"When it comes to our president's ability to manage the country, I don't think he has the ability and I don't think he's doing a good job," she says "The issue of the cost of gas isn't the only thing driving my decision but it certainly helps confirm conclusions that I've already come to."
Over the summer, the White House pushed to take credit for the fall in prices, trumpeting the change on social media and in speeches.
The Treasury Department issued an analysis suggesting the reserve releases by the US and others had accounted for 17 to 42 cents of the declines.
Republicans say other factors – like concerns about the economy – drove oil prices lower and Mr Biden is playing politics with emergency stockpiles, while neglecting policy changes that would unleash US oil and gas companies.
"His dismal approval rating is not a justifiable reason to continue to raid our nation's oil reserves," Republican Senator John Barrasso wrote on Twitter on Wednesday.
The announcement on Wednesday did not add to the barrels being released – just extended the timeline. The 15 million barrels would not even cover a full day of consumption.
Analysts believe the US continues to have ample reserves in the event of an emergency, especially since domestic production has soared since the stockpile was created in the 1970s, reducing reliance on imports.
But that doesn't mean the releases can continue indefinitely.
With two years more in his term and inflation still rampant, that leaves Mr Biden with few levers to pull – especially since he is under pressure from his core supporters to deliver on promises to wean the US off fossil fuels.
"The Biden administration wants lower gasoline prices, but progressives have a lot of reservations about increasing oil and gas production in the US," Mr Cahill says. "It's hard to reconcile those two."
The administration is in negotiations with Iran and officials are reportedly exploring lifting sanctions on oil-rich Venezuela, but analysts said it's unclear how much that country, where the energy industry has suffered from years of mismanagement and disinvestment, would be able to supply.
The White House has also discussed limiting US energy exports – but doing so is strongly opposed by American energy firms, who appear to be Mr Biden's best hope for increasing supply.
Their output has increased, but not as much as expected as companies, facing equipment shortages and concerns about climate change, opt to enjoy fatter profits rather than invest in projects with uncertain long-term demand.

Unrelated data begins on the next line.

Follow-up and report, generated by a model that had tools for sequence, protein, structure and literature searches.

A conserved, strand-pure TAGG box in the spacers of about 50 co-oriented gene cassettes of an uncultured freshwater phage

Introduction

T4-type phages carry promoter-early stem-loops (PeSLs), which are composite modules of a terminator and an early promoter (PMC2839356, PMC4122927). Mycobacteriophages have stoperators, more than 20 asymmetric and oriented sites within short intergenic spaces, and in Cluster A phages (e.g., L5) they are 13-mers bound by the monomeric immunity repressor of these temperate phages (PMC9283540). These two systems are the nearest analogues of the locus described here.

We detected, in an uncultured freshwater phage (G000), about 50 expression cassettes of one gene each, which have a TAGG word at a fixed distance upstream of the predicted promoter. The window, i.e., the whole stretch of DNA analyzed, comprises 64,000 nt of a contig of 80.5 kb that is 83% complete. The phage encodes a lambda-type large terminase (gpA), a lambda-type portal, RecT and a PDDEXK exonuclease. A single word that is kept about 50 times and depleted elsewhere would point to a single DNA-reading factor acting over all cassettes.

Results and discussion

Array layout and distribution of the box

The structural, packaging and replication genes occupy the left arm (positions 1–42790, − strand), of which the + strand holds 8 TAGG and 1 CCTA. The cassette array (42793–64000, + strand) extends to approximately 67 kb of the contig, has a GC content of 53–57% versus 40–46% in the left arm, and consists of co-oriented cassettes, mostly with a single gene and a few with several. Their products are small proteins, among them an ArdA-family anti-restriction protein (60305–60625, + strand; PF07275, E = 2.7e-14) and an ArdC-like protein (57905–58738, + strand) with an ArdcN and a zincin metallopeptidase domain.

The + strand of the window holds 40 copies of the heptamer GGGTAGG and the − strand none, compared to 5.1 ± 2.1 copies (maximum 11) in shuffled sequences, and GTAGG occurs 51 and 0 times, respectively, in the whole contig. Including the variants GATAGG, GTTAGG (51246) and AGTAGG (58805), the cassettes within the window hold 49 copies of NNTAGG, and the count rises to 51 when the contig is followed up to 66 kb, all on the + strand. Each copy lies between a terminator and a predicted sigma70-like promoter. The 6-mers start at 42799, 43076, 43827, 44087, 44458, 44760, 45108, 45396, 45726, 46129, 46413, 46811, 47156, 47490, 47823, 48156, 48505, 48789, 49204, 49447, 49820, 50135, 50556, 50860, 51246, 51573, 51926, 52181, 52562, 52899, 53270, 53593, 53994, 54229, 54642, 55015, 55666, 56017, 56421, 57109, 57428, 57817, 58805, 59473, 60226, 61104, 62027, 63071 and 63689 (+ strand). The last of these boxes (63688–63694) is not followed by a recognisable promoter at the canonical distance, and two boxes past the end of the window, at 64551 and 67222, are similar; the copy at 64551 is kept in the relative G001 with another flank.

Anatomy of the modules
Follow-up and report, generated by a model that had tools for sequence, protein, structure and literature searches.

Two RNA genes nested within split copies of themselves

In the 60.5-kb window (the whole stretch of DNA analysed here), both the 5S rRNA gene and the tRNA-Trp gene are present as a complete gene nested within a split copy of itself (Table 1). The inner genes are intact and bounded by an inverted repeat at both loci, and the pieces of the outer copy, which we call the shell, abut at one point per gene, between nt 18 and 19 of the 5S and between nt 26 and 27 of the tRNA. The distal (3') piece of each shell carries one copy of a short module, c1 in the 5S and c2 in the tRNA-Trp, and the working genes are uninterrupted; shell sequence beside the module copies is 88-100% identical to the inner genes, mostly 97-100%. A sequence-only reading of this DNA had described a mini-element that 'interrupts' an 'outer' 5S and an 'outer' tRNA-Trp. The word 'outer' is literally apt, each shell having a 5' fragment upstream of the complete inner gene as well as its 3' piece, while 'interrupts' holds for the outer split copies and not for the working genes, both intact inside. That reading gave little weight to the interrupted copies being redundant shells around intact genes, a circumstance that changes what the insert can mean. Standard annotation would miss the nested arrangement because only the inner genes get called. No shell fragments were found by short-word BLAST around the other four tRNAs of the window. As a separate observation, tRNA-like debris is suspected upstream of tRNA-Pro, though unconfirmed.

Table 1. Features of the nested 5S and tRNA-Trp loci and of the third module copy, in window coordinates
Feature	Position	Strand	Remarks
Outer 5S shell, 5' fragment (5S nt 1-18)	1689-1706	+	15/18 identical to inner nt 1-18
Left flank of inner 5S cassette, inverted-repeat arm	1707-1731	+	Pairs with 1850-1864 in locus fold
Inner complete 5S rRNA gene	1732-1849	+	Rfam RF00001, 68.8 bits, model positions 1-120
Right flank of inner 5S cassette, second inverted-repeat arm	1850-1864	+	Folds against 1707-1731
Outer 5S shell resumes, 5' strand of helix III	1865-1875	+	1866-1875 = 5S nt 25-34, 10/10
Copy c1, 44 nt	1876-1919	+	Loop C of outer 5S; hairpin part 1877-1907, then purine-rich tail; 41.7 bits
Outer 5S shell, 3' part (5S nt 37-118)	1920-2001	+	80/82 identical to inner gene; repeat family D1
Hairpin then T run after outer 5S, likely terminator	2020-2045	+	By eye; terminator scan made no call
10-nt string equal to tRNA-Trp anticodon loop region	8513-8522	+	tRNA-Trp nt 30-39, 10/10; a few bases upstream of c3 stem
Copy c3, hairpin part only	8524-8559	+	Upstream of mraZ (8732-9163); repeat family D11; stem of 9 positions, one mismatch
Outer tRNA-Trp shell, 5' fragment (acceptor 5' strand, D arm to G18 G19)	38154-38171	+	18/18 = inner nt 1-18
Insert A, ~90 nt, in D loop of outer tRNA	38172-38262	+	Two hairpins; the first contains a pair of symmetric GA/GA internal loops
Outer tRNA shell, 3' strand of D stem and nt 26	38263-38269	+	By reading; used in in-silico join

Mr Biden on Wednesday said companies should be using their profits to increase output. He added that the US would offer certainty by pledging to buy oil to refill the reserves for roughly $70 a barrel.
"You still make a significant profit, your shareholders will still do very well. And the American people catch a break they deserve and get a fair price at the pump as well," he said. "We can strengthen our energy security now and we can build a clean energy economy for the future at the same time."
US orders 'unprecedented' release of oil reserves
Why can't the US stop soaring oil and gas prices?
US midterms 2022: A simple guide
Five reasons why US midterm elections matter
Teen faced terror charges despite evidence of grooming
Four in five trains cancelled in first strike of 2023
Mourners gather as Pele laid to rest in Santos
Nia Archives is ushering in a new era of jungle
What does it take to raise a guide dog puppy? Video
Four-day work week: How we got here – and where next. Video
Watch dramatic rescue after car plunges off cliff. Video
BBC's Waterloo Road goes back to school after eight years
Cuba boxing rule change lets women into the ring
'The war won't stop me becoming a footballer'
Uncertain fate awaits Thailand's elephant tourism
Russia's war drains Ukraine's rich list of power
'Their fairy tale came to an abrupt end'
Inside the hunt for the Russian superyachts
Five unique sporting venues from around the world
From ice golf in Greenland to Iowa's Field of Dreams
Musical mayhem with Mo Gilligan!
That's My Jam featuring big names, hilarious challenges and many singalong moments
Are you a night owl or early bird?
Why can't we all be morning people? Ella Al-Shamahi and geneticist Tony Capra discuss
Sgt Cawood is back in Happy Valley. Video
What's the best way to heat a room? Audio
A gaggle of ghouls in a haunted mansion. Video
Florence Pugh on impostor syndrome… Audio
© 2023 BBC. The BBC is not responsible for the content of external sites. Read about our approach to external linking.


By admin

Leave a Reply

Your email address will not be published. Required fields are marked *